In some cases, even older systems can benefit from newer motor technology. Rather than replace the system, it was more cost-effective to replace parts of the system, including replacing older DC motors with new AC brushless servo motors for improved positioning accuracy.
Applications for motors and drives extend far beyond robotics, although more than a few users are seeking higher performance from smaller packages. In response, a number of motor/drive suppliers have developed extremely small robots with performance that belies their size.
For example, Baldor Electric Co. (www.baldor.com) has developed brushless AC servo motors built into miniature 1.6- and 2.4-in. (40- or 60-mm) frame sizes. Capable of substituting for DC servo or stepper motors, these miniature motors can deliver peak torques of to 33.63 lb.-in. (3.8 N-m) with fast acceleration. They weigh as little as 0.88 lbs. (0.4 g) but can provide full-size service in materials handling, semiconductors, and coil winding applications. Power and feedback connections to the motors are made by long flying leads. As an option, the motors can be specified with a resolver or encoder for positional feedback; an additional option is a +24-VDC brake.
Integrating motors with the drive electronics can also save valuable space. Companies such as Nippon Pulse America (www.nipponpulse.com) have developed integrated solutions in which hybrid stepper motors and their drive electronics are packed into a common size 17 National Electrical Manufacturers Association (NEMA) housing. Integrating two of the functions of a robotic system within the common housing saves space and also can lower the bill of materials (BOM) for the system design by eliminating the need to run power-management cables.
Danaher Motion (www.danahermotion.com) has developed direct-drive-rotary (DDR) motors that do not require mechanical intermediate elements, such as gearboxes, clutches or belts. By eliminating parts and using high bandwidths, the DDR motors can achieve improved accuracy and reliability compared to conventional drive-motor combinations.
Danaher Motion's CT series stepper motors have been designed to provide more torque with less power consumption than comparable standard hybrid stepper motors. At the systems level, this translates into higher operating efficiency and increased machine throughput with reduced machine size and operating cost.
As Jeff Arnold, Technology Specialist for Danaher Motion, explains, the company's DDR motors provide improvements ‘‘by eliminating all mechanical transmission parts to provide maintenance-free operation in just minutes. Users will also benefit from increased machine uptime, a noticeable 20-dB noise reduction, and up to a fifty percent increase in accuracy and torque density compared with traditional servo systems.’‘ In contrast, he notes that ‘‘conventional servo systems typically include up to 15 mechanical transmission components per axis of motion that can limit performance and reliability while increasing operational costs.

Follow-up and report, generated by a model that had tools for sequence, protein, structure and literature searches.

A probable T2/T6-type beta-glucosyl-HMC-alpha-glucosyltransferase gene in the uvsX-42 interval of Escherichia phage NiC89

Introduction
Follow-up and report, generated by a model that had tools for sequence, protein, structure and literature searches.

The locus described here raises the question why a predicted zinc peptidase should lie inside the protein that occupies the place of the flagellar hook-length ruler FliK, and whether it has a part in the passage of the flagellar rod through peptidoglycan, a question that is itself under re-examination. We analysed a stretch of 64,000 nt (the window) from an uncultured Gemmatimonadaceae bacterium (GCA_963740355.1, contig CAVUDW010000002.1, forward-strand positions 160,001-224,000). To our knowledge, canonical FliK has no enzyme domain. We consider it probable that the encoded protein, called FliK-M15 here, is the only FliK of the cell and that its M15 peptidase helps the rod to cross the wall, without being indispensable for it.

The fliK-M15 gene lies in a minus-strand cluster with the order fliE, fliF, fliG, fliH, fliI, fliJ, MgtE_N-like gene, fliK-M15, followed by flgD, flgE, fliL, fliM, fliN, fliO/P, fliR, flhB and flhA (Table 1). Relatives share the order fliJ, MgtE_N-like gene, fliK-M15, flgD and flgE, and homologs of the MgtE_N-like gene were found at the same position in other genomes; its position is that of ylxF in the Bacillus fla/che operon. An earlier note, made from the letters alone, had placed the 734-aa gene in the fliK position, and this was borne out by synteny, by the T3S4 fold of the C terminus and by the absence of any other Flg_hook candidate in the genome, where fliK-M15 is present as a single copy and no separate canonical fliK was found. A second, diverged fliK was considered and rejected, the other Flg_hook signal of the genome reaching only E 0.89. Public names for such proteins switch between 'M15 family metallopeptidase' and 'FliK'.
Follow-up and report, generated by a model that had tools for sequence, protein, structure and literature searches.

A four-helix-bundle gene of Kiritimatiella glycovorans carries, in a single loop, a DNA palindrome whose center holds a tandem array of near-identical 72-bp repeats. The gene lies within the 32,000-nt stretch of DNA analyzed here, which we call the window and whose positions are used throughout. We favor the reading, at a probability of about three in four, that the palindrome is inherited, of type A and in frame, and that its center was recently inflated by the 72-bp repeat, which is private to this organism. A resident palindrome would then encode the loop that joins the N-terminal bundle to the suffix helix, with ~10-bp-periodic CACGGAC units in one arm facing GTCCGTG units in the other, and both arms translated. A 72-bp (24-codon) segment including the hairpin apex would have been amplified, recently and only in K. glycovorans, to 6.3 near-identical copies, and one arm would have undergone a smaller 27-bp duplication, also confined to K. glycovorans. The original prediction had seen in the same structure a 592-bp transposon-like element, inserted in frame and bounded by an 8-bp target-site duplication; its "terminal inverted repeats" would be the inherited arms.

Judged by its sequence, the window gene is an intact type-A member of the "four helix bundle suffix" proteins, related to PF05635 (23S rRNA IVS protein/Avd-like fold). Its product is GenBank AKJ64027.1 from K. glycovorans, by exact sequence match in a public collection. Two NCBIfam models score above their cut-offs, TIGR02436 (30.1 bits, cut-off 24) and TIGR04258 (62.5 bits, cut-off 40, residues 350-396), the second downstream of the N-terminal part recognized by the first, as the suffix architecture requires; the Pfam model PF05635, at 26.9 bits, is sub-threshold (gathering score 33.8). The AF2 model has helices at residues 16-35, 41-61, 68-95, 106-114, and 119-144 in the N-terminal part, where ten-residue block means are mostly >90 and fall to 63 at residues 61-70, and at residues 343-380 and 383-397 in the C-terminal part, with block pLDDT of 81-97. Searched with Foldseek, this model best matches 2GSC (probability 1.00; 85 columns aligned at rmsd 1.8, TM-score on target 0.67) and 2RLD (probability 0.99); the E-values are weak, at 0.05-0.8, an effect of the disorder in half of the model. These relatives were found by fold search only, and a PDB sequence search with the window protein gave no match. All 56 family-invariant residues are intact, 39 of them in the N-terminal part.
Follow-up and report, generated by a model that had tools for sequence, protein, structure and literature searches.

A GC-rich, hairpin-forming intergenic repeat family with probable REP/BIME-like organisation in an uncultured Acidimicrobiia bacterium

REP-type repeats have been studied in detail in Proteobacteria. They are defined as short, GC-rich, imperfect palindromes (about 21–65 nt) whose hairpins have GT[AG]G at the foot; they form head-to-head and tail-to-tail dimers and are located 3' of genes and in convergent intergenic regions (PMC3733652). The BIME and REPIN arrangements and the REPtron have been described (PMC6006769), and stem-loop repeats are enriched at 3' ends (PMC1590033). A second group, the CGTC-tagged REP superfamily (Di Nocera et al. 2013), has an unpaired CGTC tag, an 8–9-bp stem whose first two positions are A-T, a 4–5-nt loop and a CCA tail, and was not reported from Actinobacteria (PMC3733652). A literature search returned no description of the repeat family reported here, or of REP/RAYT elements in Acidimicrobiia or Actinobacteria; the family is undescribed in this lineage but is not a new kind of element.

Portescap (www.portescap.com), a Danaher Motion company, has developed a line of miniature flat brushless motors that measure just 32 mm in diameter and 11.7 mm in length (Fig. 2). The high-speed slotless design significantly reduces vibration to maintain stable speed compared with other miniature flat motors. By drawing less current than conventional flat motors, the new design minimizes generation of heat, but still achieves speeds to 50,000 rpm and output power to 30 W.
Maxon Precision Motors (www.maxonmotorusa.com) offers a variety of precision motors, including its electronically commuted (EC) motors which are available in a flat design for critical positioning and start/stop operations. The motors feature neodymium permanent magnets that turn within a stationary winding. For applications that really require savings in space, the drive electronics can be integrated into the motor assembly.
Stepper motors from Oriental Motor USA Corp. (www.orientalmotor.com) integrate two-phase hybrid stepper motors with a compact microstep driver in a compact package. The +24-VDC board-level driver can divide the fundamental 1.8-deg.-per-step motor motion by a maximum of 16 microsteps per step to achieve 0.1125 deg. per step without the use of a reduction mechanism or other mechanical elements. The driver is 62% lighter and requires 41% installation space than the company's conventional drivers.
A trend in motor controllers is growing flexibility of interface options, with more systems offering combinations of CANbus, RS-422, and RS-485 communications interfaces. In terms of further motor and drive education, Newport Corporation (www.newport.com) offers an excellent series of white papers on their Website, including ‘‘Motion Basics and Standards’‘ and ‘‘Motion Control Metrology Primer’‘ for system developers tasked with precision measurements.